?errthang and Eza says Blacktastic
(@donalgodfrey)
New Kmty Registered

I became African when I was about 5 years old when my friend Lorenzo and I were play and we were saying what we wanted to be when we grew up. Lorenzo wanted to be a cowboy because they always would beat the Indians at the end of the movies. I said I wanted to be an astronaut. He laughed at me and said "you can't be no astronaut!" "why not" I said, Lorenzo replied, "cus you a Negro"! "A negro, what's that"? He replied, "you black"! "I'm not Black" I said, looking at my skin, and being insulted. So I asked what was a Negro and if I was Black, and she confirmed Lorenzo's insult. So that was my first understanding of racism in America. Soon after that my home was bombed by the KKK for attending an all white school near my home. This started my journey through life that led me to Africa (Ghana) where I currently live. I wrote a book called "Leaving Freedom to Find Peace". If you are interested check it our on Amazon.com

ReplyQuote
Posted : 16/09/2018 5:34 pm
?errthang and Eza says Blacktastic
 Eza
(@eza)
New Kmty Registered

An Afrikan with (common) sense :)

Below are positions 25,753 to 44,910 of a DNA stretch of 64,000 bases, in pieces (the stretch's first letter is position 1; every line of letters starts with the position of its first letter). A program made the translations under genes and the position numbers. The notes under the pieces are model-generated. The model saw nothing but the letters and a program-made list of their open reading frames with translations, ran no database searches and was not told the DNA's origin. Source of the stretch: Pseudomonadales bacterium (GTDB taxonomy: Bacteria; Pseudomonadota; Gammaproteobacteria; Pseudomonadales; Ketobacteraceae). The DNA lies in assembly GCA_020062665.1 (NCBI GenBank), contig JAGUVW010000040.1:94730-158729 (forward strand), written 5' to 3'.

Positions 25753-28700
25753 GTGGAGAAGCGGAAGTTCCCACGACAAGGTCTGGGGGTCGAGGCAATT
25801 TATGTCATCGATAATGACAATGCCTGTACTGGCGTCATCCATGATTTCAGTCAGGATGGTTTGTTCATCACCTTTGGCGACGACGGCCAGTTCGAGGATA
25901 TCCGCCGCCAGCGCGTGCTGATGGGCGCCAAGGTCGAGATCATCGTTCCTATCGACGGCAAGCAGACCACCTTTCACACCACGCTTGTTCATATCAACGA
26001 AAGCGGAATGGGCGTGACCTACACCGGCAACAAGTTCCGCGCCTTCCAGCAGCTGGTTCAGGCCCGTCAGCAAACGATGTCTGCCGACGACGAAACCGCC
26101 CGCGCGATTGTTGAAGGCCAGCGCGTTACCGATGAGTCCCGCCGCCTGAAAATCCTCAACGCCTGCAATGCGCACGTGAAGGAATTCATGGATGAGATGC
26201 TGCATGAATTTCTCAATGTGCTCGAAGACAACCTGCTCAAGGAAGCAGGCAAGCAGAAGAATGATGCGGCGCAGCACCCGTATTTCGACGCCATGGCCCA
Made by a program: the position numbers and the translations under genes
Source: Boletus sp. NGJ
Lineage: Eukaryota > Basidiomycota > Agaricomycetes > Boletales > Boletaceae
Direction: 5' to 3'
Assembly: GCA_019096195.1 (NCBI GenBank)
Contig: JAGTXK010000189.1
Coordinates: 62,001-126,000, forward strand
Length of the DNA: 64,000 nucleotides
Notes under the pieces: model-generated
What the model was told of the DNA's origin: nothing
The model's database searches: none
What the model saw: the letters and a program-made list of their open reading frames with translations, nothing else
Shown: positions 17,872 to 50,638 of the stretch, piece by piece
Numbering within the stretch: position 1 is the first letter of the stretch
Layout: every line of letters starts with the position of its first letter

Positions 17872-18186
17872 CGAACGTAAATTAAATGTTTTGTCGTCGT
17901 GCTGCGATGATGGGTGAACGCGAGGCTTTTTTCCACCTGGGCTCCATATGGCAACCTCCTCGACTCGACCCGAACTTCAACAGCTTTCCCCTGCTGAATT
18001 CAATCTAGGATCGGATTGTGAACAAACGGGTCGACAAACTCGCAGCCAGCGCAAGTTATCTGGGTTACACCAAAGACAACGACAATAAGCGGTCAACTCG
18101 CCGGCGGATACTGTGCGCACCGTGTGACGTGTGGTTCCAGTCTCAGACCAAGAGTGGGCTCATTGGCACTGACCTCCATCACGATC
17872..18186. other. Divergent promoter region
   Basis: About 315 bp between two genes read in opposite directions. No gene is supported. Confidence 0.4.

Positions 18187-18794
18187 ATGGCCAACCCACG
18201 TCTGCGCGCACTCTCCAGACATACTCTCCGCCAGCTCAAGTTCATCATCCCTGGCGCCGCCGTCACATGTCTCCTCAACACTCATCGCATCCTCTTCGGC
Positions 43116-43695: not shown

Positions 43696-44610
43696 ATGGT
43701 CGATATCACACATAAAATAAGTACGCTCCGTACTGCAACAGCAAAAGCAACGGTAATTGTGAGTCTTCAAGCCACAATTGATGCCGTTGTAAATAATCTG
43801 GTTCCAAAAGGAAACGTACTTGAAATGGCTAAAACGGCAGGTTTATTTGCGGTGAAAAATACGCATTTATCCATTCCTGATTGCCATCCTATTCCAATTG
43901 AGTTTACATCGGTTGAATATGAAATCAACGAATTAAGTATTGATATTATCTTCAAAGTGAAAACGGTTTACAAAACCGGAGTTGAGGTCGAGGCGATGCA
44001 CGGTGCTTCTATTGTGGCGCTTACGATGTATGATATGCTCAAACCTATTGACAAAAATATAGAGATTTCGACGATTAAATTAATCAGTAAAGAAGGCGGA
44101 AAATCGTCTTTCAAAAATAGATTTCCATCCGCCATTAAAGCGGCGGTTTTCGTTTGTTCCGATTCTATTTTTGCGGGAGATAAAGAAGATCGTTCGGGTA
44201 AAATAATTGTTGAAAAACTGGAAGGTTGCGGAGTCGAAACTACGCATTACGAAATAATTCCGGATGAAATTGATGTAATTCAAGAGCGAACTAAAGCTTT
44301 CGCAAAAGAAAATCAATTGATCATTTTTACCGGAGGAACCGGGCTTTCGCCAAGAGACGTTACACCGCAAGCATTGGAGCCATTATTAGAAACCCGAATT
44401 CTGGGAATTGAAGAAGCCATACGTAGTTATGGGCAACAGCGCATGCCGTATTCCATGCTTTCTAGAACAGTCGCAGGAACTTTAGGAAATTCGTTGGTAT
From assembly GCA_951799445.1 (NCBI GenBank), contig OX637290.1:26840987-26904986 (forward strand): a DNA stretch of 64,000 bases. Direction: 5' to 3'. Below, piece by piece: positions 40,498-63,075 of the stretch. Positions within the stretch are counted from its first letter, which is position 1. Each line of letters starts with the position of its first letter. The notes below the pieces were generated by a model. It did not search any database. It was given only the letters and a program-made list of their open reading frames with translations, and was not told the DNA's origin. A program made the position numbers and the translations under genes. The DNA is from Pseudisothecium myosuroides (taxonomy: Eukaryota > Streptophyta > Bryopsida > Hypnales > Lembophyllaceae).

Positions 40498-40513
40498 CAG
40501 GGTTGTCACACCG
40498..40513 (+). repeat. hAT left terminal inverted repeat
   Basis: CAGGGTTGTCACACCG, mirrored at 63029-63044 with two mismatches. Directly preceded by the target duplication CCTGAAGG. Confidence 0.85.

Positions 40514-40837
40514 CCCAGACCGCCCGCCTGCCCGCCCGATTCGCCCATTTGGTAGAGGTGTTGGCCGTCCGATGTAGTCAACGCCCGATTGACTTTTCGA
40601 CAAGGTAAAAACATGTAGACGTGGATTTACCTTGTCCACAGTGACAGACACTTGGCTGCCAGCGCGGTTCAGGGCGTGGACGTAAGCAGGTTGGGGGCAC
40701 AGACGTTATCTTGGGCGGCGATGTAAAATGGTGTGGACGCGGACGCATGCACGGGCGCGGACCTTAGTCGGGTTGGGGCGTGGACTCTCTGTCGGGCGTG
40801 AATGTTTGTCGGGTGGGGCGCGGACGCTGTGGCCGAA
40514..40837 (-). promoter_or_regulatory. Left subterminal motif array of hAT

My journey back to Afrikan sanity started via religion.

Growing up in Nigeria and watching my mom complain on just about everything but never missed an opportunity to pray confounded me. My parents were devout Catholics who very nearly prayed themselves into a stupor. But 'white' Jesus seemed to neither answer nor care.

To me, the more they prayed, the worse things seemed to get. It just made no sense. To make matters worse, they had this huge altar(shrine) of 'white' Jesus & Mary in the living room and boy, was I confused. Why was God an oyinbo? Why didn't God look like us? How come we were never able to see this God we constantly prayed to? And the questions piled on and up.

So, I secretly became an agnostic. At home, I'd be a catholic but when I was away to school I couldn't care less about religion.

To make a long story short, it wasn't until I moved back to the States that I began to discover the works of Dr. John Henry Clarke, Dr. Ben Yosef Jochannan, Dr. Ivan Van Sertima, etc.